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Paper Money (1987)

Paper Money (1987)

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3.23 of 5 Votes: 3
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0451167309 (ISBN13: 9780451167309)

About book Paper Money (1987)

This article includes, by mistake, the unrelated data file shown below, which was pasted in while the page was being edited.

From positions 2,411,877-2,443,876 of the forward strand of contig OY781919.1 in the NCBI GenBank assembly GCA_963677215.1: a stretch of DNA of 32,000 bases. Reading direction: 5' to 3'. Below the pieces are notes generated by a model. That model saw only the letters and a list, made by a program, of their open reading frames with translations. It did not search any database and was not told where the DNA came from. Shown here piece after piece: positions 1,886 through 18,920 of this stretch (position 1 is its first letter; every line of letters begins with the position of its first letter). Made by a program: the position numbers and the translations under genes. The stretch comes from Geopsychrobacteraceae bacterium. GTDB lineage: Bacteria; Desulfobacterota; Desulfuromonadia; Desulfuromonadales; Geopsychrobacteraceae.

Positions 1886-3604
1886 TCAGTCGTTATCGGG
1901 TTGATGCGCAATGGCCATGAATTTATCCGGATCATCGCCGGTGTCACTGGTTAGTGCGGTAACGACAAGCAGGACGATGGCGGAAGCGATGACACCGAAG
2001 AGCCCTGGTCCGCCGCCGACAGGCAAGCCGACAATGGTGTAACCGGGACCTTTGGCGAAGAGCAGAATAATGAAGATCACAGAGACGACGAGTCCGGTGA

You Win Some, You Lose Some(A Book Review of Paper Money by Ken Follett)What links the lives of a ruthless gangster, a sneaky businessman, an adulterous minister, and a young journalist, each a stranger to another, together?Power…Ambition…Paper money…Formerly published under the pseudonym Zachary Stone, Paper Money, one of Ken Follett’s early caper reissued to quench the curiosity of hard-core fans interested about his earlier works prior his rise to fame, tells an intriguing plot concerning seemingly unrelated incidents about the conferring of an oil drilling license, a blackmailed politician, and a bank car heist. Yet what appears to be an ordinary day begins to turn odd as suspicious circumstances tie the events at once when a London evening news reporter fills and fits the pieces of a puzzle: a conspiracy that will rock Threadneedle Street.In the reprinted book’s Introduction, Follett said outright that this is “one of his best unsuccessful books” and reading it quite makes it plain at first sight. The novel lacks a central or primary character and — as was Follett’s wont during this time when he’s just learning the ropes of writing — they’re sketchy at best. I think one of the trump cards of this “interesting little thriller” is its plot and structure (one of the cleverest the author has devised as he professed). Indeed, the chapter designed in an hour to hour fashion calls for brisk action but leaves the reader in a tumble of confusion as the character’s lives begin to overlap coupled by the fact that so much is happening right under the reader’s nose, lost in the story’s comings and goings that one tends to easily forget what transpired during the previous sections.Paper Money’s premise, I admit, is a tad promising only if the author could’ve had the time to elaborate it plot and character-wise. Really, it’s not as bad as it sounds. As someone who has his share of reading Follett’s books, I can see here his budding ability to build and mount suspense in particular scenes quite delighting. For what it’s worth those edge-of-your-seat moments are pretty much thrilling though it only lasts up quick as blink.I, along with others, agree that the ending is a little anti-climactic; nonetheless, for me it’s a good poetic justice of sorts for the book’s villains who smugly thought victory is close at hand when in the end it caught them unawares and cost them dearly.Hold in the same regard with his other early caper, The Modigliani Scandal, Paper Money is still one nice read despite it being dated, will grab your interest if only for a foothold, and gives a fleeting glimpse of London during the 70s as well as the writing of a young Ken Follett._________________________Book Details: Book #20 for 2011Published by Signet Books(Mass Market Paperback, 1987 First Printing)253 pagesStarted: June 2, 2011Finished: June 5, 2011My Rating:★★★[See this review on my book blog Dark Chest of Wonders and for many others.]